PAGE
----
Monday, January 31, 2011

What Happened to Tunisia?

Excitement in the media over the turmoil in Egypt has preempted any and all coverage of Tunisia, which, just two weeks ago, captured the attention of the world. Though former President Zine El Abdine Ben Ali has been ousted and fled the country, matters in the small North African country are far from resolved. In fact, out of the world’s eye, the still inchoate revolution in Tunisia may be just beginning.

A curfew remains in place. Many schools and universities remain closed. Looting persists, as do clashes between protesters and police. And, Sunday, Rachid Ghannouchi, the exiled leader of the yet banned Tunisian Islamist party, Ennahda, returned to Tunisia, where thousands of supporters greeted him at the airport in Tunis.

Ghannouchi, in apparent recognition of the similarities between his return and the 1979 return of Ayatollah Khomeini to Iran, immediately sought to dispel such comparisons in his first interview following his return. However, in contrast to Khomeini’s return to Iran, Ghannouchi and his Ennahda party have reportedly little popular support within Tunisia. Moreover, Ghannouchi has sounded moderate tones in the two weeks since Ben Ali’s ouster. He has called for respect for democracy, women’s rights, and the development of Tunisia.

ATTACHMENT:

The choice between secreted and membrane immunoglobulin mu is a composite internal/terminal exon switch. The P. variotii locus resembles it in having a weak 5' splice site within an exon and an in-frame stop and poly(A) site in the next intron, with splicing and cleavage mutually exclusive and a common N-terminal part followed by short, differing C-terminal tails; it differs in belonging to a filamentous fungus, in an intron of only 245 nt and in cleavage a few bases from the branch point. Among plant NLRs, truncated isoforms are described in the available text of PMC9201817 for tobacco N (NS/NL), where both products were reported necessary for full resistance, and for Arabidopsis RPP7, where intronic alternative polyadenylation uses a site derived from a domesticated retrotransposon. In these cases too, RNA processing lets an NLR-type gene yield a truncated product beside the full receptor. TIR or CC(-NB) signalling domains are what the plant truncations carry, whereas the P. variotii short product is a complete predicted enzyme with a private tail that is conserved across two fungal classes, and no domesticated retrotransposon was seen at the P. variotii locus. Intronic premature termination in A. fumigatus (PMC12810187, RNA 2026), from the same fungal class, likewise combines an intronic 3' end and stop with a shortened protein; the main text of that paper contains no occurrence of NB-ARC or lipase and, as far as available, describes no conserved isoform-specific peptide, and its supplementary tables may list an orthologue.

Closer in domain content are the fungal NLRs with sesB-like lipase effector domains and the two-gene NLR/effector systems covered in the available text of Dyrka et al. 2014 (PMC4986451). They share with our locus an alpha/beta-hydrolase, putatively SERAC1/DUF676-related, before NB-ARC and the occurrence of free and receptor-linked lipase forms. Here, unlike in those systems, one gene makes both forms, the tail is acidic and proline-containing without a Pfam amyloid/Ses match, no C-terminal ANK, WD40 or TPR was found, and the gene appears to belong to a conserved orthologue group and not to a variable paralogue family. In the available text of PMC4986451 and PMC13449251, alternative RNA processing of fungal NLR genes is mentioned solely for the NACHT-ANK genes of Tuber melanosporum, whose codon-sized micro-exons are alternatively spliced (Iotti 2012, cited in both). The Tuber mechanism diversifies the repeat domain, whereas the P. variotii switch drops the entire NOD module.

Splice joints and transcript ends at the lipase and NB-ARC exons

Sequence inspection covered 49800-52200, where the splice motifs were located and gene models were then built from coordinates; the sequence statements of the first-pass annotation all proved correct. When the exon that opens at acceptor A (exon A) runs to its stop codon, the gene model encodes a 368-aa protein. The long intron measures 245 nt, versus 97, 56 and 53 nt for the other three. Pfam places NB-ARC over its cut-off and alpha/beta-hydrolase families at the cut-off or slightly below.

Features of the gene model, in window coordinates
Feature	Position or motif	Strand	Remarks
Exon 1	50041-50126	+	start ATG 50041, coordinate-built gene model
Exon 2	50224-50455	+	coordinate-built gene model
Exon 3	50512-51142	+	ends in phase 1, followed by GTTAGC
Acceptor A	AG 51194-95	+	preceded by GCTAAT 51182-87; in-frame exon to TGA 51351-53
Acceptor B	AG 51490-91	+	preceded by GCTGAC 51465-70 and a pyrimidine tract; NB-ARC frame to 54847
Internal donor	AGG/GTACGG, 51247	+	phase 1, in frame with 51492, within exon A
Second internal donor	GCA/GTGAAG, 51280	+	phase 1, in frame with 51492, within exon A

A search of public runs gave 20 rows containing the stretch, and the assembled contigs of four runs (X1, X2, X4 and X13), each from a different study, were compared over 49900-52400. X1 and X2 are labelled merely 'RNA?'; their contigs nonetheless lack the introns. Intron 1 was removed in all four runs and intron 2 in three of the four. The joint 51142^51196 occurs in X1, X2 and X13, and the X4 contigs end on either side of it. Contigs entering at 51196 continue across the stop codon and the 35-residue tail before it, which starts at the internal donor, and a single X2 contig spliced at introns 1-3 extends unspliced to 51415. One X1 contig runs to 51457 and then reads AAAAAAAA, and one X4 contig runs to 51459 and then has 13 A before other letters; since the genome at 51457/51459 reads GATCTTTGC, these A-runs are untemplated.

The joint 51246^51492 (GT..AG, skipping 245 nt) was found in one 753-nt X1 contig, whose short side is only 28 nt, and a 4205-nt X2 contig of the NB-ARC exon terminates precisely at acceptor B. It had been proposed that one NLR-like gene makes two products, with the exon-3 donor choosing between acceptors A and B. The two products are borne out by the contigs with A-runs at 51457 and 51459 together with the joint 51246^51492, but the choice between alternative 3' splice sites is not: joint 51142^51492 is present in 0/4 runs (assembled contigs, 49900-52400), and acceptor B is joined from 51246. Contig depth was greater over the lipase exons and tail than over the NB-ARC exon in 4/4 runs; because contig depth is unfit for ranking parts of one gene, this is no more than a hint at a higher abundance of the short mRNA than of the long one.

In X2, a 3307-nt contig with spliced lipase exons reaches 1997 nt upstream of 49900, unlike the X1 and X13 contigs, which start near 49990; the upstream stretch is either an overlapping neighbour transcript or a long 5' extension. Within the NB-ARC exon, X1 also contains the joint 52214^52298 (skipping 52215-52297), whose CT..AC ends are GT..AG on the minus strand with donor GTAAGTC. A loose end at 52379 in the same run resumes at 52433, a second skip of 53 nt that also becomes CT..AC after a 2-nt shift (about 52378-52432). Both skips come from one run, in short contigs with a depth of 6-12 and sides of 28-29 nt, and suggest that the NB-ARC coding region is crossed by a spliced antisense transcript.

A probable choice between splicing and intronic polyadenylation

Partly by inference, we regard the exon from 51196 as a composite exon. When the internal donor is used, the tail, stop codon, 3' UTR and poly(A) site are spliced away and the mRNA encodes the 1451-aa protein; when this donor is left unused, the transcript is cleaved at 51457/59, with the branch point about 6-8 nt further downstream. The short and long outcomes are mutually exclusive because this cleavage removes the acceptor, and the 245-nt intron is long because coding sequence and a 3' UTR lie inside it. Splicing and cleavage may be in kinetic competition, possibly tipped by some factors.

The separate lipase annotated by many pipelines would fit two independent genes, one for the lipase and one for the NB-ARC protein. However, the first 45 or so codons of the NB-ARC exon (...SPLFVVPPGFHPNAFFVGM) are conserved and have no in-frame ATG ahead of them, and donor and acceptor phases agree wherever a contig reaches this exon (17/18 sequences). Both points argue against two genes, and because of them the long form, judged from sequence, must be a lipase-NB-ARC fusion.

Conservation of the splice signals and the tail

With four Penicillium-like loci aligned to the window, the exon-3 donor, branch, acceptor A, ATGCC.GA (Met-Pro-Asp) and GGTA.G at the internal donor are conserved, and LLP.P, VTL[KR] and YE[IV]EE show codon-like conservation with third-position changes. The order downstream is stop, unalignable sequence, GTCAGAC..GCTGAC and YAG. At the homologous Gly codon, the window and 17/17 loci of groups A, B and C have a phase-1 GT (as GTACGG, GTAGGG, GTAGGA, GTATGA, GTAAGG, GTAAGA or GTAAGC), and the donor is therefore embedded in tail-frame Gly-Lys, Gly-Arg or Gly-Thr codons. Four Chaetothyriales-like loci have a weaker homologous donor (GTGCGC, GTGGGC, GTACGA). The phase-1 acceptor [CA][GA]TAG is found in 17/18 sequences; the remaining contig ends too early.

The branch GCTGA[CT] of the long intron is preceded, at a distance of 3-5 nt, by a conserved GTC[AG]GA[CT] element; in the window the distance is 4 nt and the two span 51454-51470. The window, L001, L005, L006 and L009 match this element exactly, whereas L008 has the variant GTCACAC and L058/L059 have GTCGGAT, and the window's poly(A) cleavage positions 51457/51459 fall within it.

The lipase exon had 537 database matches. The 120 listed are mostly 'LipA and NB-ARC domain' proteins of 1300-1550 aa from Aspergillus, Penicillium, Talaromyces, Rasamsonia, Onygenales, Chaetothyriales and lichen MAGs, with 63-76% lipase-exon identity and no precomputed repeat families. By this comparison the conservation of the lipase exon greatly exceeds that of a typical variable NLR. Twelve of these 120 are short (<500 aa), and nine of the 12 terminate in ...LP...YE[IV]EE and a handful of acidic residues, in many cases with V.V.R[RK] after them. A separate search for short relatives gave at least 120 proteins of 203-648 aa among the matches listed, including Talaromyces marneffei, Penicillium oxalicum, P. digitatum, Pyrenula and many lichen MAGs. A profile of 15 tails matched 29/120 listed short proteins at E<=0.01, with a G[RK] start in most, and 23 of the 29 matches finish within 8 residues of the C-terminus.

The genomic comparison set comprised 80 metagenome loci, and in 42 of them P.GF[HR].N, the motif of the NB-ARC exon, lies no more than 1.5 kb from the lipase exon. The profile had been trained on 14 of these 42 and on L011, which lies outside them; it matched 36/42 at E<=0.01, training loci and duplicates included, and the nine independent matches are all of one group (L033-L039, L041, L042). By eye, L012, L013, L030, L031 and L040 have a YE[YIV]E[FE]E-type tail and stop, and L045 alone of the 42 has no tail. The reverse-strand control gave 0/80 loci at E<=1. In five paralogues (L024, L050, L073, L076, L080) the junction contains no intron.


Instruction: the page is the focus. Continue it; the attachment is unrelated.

Yet, it is appropriate for Western observers to approach Ghannouchi’s return with caution. Revolutions are chaotic and unpredictable. Even the Iranian revolution existed in a state of flux from 1978 through 1982. After the Shah’s ouster and Khomeini’s return the first several governments—those established under Bakhtiar and Bazargan—were secular and moderate. Before Khomeini could consolidate power in a quasi-theocracy, he was forced to develop administrative and security functionality (the IRGC) in parallel to those which belonged to the secular state.

The longer uncertainty and insecurity persist, the greater the opportunity for individuals like Ghannouchi to consolidate power. It would be better for the people of Tunisia and for Western interest to have quick elections that would likely advantage the few currently functioning organizations in Tunisia like trade unions. These are more likely to return a moderate, Western-oriented government.

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